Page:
Fantasy pickups: Daniel Murphy, Kyle Lohse, Rickie Weeks
Below are players who have been dropped in at least of 14 percent of ESPN leagues that you should consider adding to your fantasy team.
Daniel Murphy, 2B, New York Mets: Daniel Murphy was my favorite second-basemen/middle-infield option in the preseason because his talent level1 was being undervalued by the fantasy community, which manifested itself as he was going as the 22nd second basemen in NFBC leagues. During the first 3-4 weeks of season, he put up a slash line of .329/.371/.512, but since then, he’s been in an enormous slump, hitting .185/.214/.241. Consequently, he’s been dropped in 30 percent of ESPN leagues. If he’s been dropped in your league, go get him. He’s on pace for 97 runs, nine home runs, 74 RBI, zero stolen bases and .272 batting average. Since 2011, in 1,180 plate appearances, Daniel Murphy has a .299 batting average, which means his batting average is bound to improve as the season progresses.
Kyle Lohse, SP, Milwaukee Brewers: Of all the players who have been dropped, I was most shocked to see Lohse. Fantasy owners expecting a repeat of last year’s performance will be disappointed, because when his career is over, 2012 will likely be the outlier career year. The fantasy owners who dropped him were probably expecting more than a 3.49 ERA and 1.27 WHIP. However, he’s striking out 17.1 percent batters and only walking only 2.8 percent of batters, both career highs. StatCorner, prior to this season, rated Miller Park as the second-best ballpark for home runs, so it’s natural his baseball card statistics would experience a decline compared to his last two seasons in St. Louis. However, with the increased strikeout rates and lower walk rates, it looks as though Lohse is adapting to his new home ballpark.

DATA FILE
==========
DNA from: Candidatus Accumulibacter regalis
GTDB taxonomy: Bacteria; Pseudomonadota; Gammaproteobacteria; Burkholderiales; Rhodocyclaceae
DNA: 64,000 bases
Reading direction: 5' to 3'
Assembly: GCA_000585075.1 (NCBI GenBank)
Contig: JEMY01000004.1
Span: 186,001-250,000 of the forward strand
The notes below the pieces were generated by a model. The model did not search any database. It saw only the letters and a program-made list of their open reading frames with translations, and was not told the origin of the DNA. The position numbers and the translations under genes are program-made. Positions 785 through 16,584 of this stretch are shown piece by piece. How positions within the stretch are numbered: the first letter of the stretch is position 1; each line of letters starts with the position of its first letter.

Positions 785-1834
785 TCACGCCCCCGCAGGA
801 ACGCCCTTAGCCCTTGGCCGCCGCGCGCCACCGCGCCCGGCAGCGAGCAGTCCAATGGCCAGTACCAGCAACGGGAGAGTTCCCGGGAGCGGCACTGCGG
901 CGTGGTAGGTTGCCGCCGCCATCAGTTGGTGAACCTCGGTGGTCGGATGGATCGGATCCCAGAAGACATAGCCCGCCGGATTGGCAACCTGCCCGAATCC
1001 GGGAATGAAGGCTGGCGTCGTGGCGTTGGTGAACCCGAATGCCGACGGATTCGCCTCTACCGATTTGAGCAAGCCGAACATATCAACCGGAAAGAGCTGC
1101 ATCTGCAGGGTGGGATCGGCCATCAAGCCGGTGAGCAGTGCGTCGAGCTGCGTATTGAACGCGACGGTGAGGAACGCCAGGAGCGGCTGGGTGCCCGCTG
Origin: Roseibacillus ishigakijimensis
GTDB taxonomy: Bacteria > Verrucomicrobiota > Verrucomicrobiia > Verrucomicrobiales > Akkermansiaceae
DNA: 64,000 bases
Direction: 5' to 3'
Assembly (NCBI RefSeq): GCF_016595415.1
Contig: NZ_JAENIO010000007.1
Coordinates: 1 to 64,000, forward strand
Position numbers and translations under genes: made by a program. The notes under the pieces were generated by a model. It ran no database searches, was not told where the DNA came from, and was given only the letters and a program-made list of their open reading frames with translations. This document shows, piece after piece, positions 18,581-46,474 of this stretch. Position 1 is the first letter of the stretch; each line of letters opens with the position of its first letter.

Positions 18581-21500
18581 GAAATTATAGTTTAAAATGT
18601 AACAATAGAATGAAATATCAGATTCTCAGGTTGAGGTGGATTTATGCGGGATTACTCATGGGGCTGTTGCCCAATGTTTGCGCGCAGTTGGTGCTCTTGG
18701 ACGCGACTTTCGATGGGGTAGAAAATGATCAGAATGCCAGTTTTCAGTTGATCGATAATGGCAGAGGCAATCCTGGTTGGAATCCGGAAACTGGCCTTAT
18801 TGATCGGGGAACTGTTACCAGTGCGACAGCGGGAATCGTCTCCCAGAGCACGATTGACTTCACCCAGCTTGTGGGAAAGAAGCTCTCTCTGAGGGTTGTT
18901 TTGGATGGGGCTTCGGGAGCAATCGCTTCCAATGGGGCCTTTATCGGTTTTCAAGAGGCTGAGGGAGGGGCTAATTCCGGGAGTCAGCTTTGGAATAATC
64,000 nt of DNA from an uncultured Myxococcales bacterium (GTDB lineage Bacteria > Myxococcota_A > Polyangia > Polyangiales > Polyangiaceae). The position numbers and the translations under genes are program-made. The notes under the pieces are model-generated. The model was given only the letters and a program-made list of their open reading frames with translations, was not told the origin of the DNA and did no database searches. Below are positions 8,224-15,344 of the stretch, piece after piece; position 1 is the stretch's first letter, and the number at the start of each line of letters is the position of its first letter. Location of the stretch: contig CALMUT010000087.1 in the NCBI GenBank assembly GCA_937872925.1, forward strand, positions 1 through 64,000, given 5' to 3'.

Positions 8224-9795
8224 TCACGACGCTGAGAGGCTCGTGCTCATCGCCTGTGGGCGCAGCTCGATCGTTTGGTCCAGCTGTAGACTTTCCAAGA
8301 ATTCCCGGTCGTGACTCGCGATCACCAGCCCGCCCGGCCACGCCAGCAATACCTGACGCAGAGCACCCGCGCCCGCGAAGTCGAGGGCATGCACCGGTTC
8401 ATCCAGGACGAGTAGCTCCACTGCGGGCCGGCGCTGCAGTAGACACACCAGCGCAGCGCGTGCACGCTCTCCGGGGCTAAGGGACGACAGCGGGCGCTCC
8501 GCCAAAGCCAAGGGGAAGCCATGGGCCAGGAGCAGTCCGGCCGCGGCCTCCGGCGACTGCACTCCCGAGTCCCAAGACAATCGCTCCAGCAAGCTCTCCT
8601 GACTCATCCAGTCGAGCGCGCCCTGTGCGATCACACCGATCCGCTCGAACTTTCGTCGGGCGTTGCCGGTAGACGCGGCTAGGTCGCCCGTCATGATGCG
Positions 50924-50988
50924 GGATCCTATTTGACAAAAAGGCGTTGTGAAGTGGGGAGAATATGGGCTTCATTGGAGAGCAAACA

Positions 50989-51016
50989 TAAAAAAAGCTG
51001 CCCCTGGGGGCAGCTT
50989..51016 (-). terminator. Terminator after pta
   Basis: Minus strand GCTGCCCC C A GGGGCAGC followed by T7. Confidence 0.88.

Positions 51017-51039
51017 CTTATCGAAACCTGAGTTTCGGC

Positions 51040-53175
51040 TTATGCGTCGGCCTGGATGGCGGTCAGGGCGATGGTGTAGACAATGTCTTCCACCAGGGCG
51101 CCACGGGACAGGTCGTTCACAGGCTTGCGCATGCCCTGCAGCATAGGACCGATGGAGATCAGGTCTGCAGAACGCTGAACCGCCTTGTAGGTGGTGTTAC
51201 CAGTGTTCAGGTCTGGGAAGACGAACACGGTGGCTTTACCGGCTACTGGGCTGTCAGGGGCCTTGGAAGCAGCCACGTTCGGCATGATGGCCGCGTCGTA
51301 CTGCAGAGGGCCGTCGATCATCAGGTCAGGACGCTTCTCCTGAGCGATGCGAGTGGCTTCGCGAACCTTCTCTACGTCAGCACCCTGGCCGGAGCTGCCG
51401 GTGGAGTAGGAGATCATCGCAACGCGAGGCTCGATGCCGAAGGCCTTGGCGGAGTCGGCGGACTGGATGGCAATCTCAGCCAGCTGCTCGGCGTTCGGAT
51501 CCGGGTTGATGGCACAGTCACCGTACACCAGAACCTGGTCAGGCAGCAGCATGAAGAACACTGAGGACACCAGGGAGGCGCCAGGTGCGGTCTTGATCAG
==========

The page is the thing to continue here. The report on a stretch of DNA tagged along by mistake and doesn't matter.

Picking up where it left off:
Rickie Weeks, 2B, Milwaukee Brewers: Weeks is another player I was very high on entering fantasy drafts because his talent level was being undervalued by the fantasy community. However, so far, he’s looked worse than Robert Pattinson’s acting2. Last year, Weeks started off slowly, only hitting .199/.314/.343 before the All-Star break, before rebounding with a typical Weeks statistical slash line of .261/.343/.457. With a current slash line of .181/.302/.276, it’s easy to say this is another slow start, but let’s see if there’s room for optimisim. His .253 BABIP is easily the lowest of his career and his HR/FB rate of 10 percent is the lowest it’s been since 2008, so those statistics are bound revert back to back to his statistical mean. However, he’s striking out 28 percent of the time, which is three percentage higher than last year. What’s the most troubling is he’s hitting ground balls 56.8 percent of the time, 12 percentage points higher than his career norm. With the increased strikeout rate and ground balls, his batting-average ceiling (the rest of the season) may be .225-.240, but he’s hit 20 home runs the past three seasons and plays in one of the best hitter ballparks in the majors.
1. I projected a .305 batting average, 90 runs, five home runs and seven steals in the preseason for Daniel Murphy.
2. If you truly believe he’s a good actor, watch Remember Me and look me straight in the eye and tell me he can act.